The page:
Idle No More: Blankets, Corn and Detroit

What we’re gonna do is turn Detroit into an Indian reservation,
where we herd all the Indians into the city, build a fence around it,
and then throw in the blankets and the corn.
~ L. Brooks Patterson

Lawyer and politician, L. Brooks Patterson (born January 4, 1939), is Oakland County’s chief executive, and he’s held that position for 21 years now. In 2005, he was named Alumnus of the Year for the University of Detroit Mercy School of Law.

The write-up on the University’s website stated it was due in part to the “high standard he sets for government leaders in Michigan.” An attorney with Plunkett & Cooney went as far as to say that L. Brooks Patterson was “ahead of his time and always has been” and that he was a “man of great principle and vision.” The write-up went so far as to state that “Patterson gets high marks for efficient government, his heart is in finding ways to promote positive change.”

The comments made in the write-up seem so contrary to the comments he made in his interview with Paige Williams for the New Yorker magazine article entitled, “Drop Dead, Detroit!” and published in the January 27, 2014 edition.

While the media has been flush with comments from Detroiters who are upset by his comments about Detroit and while the media has been flush with comments from African-Americans who are upset by his comments, what seems to be overlooked by the media is the racist and demeaning comment made by this politician about North American Indians.

What we’re gonna do is turn Detroit into an Indian reservation, where we herd all the Indians into the city, build a fence around it, and then throw in the blankets and the corn.

What’s sad about this statement, aside from the fact that it is highly inflammatory and racist, is that had any other group been thrown into that statement, the media would have seized upon it immediately. Looking at this statement to reflect a bias against African-Americans, what if he had said this?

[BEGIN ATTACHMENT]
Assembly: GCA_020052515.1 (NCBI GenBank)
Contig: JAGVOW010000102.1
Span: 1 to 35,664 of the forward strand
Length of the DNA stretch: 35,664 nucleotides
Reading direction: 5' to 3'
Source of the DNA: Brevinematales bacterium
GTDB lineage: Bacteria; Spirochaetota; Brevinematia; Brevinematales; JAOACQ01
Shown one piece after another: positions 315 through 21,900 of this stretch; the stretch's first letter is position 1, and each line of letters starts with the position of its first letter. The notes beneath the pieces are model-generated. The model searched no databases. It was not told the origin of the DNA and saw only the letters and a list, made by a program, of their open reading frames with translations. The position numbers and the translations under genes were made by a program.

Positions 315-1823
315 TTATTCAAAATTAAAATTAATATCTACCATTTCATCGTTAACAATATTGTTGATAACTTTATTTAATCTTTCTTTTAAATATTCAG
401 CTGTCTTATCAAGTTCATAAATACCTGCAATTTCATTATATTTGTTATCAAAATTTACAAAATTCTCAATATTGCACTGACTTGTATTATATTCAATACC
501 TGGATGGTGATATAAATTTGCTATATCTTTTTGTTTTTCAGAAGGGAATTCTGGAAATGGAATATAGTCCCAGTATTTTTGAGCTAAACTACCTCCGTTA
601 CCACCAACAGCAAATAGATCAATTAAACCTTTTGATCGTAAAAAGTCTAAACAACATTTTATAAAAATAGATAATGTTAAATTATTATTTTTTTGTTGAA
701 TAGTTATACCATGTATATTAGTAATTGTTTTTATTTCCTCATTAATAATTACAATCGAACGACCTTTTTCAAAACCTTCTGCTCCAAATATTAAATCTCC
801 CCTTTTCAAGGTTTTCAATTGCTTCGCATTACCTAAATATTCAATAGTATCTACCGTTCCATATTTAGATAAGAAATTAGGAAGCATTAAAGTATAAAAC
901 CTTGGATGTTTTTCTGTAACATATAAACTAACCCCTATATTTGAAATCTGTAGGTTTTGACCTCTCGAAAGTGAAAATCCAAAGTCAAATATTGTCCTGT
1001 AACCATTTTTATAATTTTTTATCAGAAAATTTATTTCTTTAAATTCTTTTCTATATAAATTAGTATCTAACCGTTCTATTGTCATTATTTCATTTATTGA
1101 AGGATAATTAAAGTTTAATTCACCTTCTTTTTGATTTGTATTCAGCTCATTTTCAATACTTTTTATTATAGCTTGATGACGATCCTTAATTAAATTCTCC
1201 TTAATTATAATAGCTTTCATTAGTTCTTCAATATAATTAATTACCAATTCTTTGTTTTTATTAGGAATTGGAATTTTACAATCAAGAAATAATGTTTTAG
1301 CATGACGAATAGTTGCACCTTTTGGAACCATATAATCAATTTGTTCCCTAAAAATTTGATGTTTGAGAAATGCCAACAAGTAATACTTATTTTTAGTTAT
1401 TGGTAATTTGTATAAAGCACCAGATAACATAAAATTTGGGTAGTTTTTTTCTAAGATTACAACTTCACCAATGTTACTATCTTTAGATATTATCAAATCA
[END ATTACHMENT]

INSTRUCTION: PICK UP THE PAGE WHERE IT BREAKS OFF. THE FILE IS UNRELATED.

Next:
What we’re gonna do is turn Detroit into a ghetto, where we herd all the African-Americans into the city, build a fence around it, and then throw in the blankets and watermelons.

Looking at this statement to reflect a bias against Hispanics, what if he had said this?

What we’re gonna do is turn Detroit into a barrio, where we herd all the Hispanics into the city, build a fence around it, and then throw in the blankets and beans.

Looking at this statement to reflect a bias against Asians, what if he had said this?

What we’re gonna do is turn Detroit into a zone, where we herd all the Asians into the city, build a fence around it, and then throw in the blankets and rice.

Looking at this statement to reflect a bias against Southerners, what if he had said this?

What we’re gonna do is turn Detroit into a welfare state, where we herd all the Southerners into the city, build a fence around it, and then throw in the blankets and chickens.

Patterson’s camp is firing back at the New Yorker magazine and at Paige Williams specifically, stating the following:

Patterson_IMAGE 1

The fact that Patterson has received such accolades from his colleagues makes his comments about Aboriginals all the more offensive and disconcerting. If he’s seen as one of America’s outstanding government leaders, what does that say about the future for minorities, especially the future of Aboriginals when these men are in power?

Elyse Bruce

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One Response to “Idle No More: Blankets, Corn and Detroit”

  1. Idle No More: Racial Slurs Are Not An Honor | Elyse Bruce Says:

    […] wrote about this on my blog on January 24, 2014 (the article can be read by clicking HERE) in an article entitled, “Idle No More, Blankets, Corn and Detroit.”  If something in […]


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